We all have a dream home. It’s our ultimate cocoon, our refuge from the world, and our base for adventures and creative endeavors of all sorts. Our dream home may not be number 1 on your bucket list. It may be a casual “oh, I’d like that sorta dwelling someday” or a raging fire in your belly to save up and build the perfect home for yourself and your family. Or anywhere in between. But, now, as we spend all our time at our current home and dream of a fabulous future, let’s look at 5 gorgeous designs that exist in this world that could inspire your future dream eco-friendly home. They are all sustainably built and eco-friendly in their functionality. And stunning to look at! (I’m not one to compromise on style when it comes to my dream home! But style + eco-friendly functionality? Now that’s a dream combo.)
These design examples are architects’ wet dreams – they’re sustainable, alright, but expensive. Which brings down the overall eco-friendliness somewhat, but this is all just for inspiration for our future (small, self-sustaining and adequate) homes. Some of these designs are pre-fab and some are not. My dream is to one day buy about 5 acres of land, build a little sustainable house on it and develop the land according to permaculture principles. I’m nowhere close to even think about affording something like this, but hey, dreams are free;)
#1 THE TATTUPLEX | LOS ANGELES
The Tattuplex is home to Tim Tattu, and his ethos is familiar: a home where sustainability meets style. Designed and built by architecture firm Tom Marble Architecture, Tattu’s two-story home hugs the hillside and showcases stunning views.
The Tattuplex was built using prefab steel (which reduced construction waste), and has sustainable insulation and windows that help reduce heating and therefore reduce energy consumption. My favorite bit is the vegetable garden that’s productive enough to supply ingredients for his meals.
Photos: Taiyo Watanabe
#2 THE DALLES (HOMB) | OREGON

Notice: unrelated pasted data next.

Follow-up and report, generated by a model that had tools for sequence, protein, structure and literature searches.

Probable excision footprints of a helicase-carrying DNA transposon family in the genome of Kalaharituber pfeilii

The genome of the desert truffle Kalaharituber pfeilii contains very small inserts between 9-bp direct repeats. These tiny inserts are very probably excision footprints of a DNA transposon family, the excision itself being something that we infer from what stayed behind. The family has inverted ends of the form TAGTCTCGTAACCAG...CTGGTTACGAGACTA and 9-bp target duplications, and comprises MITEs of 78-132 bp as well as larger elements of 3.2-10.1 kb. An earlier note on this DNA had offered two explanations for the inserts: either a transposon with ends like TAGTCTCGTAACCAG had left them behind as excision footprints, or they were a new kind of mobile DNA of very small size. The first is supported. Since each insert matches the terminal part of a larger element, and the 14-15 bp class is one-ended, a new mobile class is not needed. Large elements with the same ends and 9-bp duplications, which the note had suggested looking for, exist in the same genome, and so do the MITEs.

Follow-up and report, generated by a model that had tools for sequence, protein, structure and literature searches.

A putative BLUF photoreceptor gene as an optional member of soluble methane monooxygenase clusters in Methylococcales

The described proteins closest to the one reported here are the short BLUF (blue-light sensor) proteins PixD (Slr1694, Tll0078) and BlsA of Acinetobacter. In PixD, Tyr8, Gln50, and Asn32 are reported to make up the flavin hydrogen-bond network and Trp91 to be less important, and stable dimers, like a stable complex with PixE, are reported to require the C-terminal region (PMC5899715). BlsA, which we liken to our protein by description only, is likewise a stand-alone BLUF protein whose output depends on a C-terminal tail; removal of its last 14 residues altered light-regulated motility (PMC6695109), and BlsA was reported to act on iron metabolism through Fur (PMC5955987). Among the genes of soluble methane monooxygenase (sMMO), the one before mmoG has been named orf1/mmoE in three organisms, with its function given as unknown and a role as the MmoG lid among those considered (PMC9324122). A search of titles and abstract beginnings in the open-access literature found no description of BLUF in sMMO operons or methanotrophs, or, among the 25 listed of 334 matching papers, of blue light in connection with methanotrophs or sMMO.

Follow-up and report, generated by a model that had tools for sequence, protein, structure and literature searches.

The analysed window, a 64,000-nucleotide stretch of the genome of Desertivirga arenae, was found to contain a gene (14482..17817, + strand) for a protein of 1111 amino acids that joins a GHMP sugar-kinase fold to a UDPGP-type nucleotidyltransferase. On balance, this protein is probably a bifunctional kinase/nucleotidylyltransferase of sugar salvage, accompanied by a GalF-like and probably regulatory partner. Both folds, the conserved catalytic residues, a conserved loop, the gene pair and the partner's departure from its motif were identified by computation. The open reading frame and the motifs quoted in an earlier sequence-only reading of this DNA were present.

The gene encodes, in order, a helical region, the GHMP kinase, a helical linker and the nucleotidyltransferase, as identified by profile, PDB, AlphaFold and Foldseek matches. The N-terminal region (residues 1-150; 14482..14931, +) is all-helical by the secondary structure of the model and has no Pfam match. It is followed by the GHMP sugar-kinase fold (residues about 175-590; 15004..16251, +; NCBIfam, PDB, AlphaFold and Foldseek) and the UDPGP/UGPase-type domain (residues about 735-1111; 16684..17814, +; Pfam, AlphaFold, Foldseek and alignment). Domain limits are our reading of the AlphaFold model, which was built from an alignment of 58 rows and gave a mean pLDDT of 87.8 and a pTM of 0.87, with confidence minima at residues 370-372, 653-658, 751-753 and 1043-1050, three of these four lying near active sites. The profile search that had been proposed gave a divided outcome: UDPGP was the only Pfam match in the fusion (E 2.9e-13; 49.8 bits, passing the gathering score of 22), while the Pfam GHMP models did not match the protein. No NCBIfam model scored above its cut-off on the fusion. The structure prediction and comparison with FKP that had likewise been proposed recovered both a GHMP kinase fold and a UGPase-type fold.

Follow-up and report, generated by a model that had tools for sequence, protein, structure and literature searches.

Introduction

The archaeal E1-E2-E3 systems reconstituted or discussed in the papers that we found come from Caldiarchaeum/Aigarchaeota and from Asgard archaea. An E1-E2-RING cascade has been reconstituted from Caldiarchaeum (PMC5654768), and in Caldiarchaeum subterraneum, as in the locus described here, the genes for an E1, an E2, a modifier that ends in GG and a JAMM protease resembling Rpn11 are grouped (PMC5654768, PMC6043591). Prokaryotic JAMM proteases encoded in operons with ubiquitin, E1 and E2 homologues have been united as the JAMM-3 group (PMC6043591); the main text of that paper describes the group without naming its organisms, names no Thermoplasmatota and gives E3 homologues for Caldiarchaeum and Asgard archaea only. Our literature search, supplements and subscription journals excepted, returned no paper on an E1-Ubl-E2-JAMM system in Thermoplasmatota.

What’s cool about this design is that the HOMB is based on 100 square foot triangular modules that can be infinitely configured and expanded upon. This modular philosophy allows for a variety of different layouts that are both dynamic and efficient while creating a comfortable living environment.
These modules can easily be stacked, stepped and separated, depending on each projects conditions and restraints.
HOMB Dalles is a 2,250 square foot home consisting of 2 bedrooms and 2.5 bathrooms. In this design, the triangular modules are compiled to create one larger triangle. The house sits on steep slope, which allows for excellent views in multiple directions.
This was designed by Skylab Architecture + Method Homes.
#3 MUJI HUT | JAPAN
Muji doesn’t just make minimalistic stationery and clothing; they also do minimalist pre-fab housing. This tiny “home” is more akin to camping than a full house – the Hut has no toilet or kitchen. The interior is compact, but the porch and the high shed roof create a space large enough for 3–4 people to relax in.
The outer walls are given enhanced antiseptic properties and durability by applying burned hardwood cladding – a concept borrowed from the traditional art of Japanese shipbuilding, where builders burn cedar wood to increase its strength and add an oil stain finish. The inner wall surfaces are left untreated.
#4 MINIMOD RETREAT | BRAZIL
This design is the meeting of landscape and technology. The architects went for contemporary design in a remote landscape, with the focus on spending time in nature. It’s modular, energy-efficient and gorgeous. The units are made of steel frames and sustainable wood.
#5 FALL HOUSE | BIG SUR
Designed and built by Fougeron Architecture, this multi-award winning design is 3,800 sqft, and features a cantilever, sweeping ocean views and a 250-foot drop to the Pacific Ocean along the bluff and toward the west. The views are dramatic.
The house conforms to the natural contours of the land and the geometries of the bluff, deforming its shape and structure in response. The designers were careful to protect the cliff’s delicate ecosystem while ensuring the structure’s integrity and safety.
The house is made of concrete, glass, wood and copper and includes a green roof that overhangs on the east and west, protecting the windows and the front door from the harshness of sun and wind.
It was difficult to limit myself to 5 designs. It’s just a tiny drop in the ocean of sustainable architecture. Perhaps I’ll write another post with 5 more. And then another one…
The elegance of beautiful architecture is unmatched, and if any of us is planning to build our own home, we should try to make it as sustainable and eco-friendly as possible. This post is an indulgence. I doubt it is of any practical use to anyone, but it does give tons of inspiration and ideas – and indications of what is possible. And that, I hope, dear reader, is enough for now.
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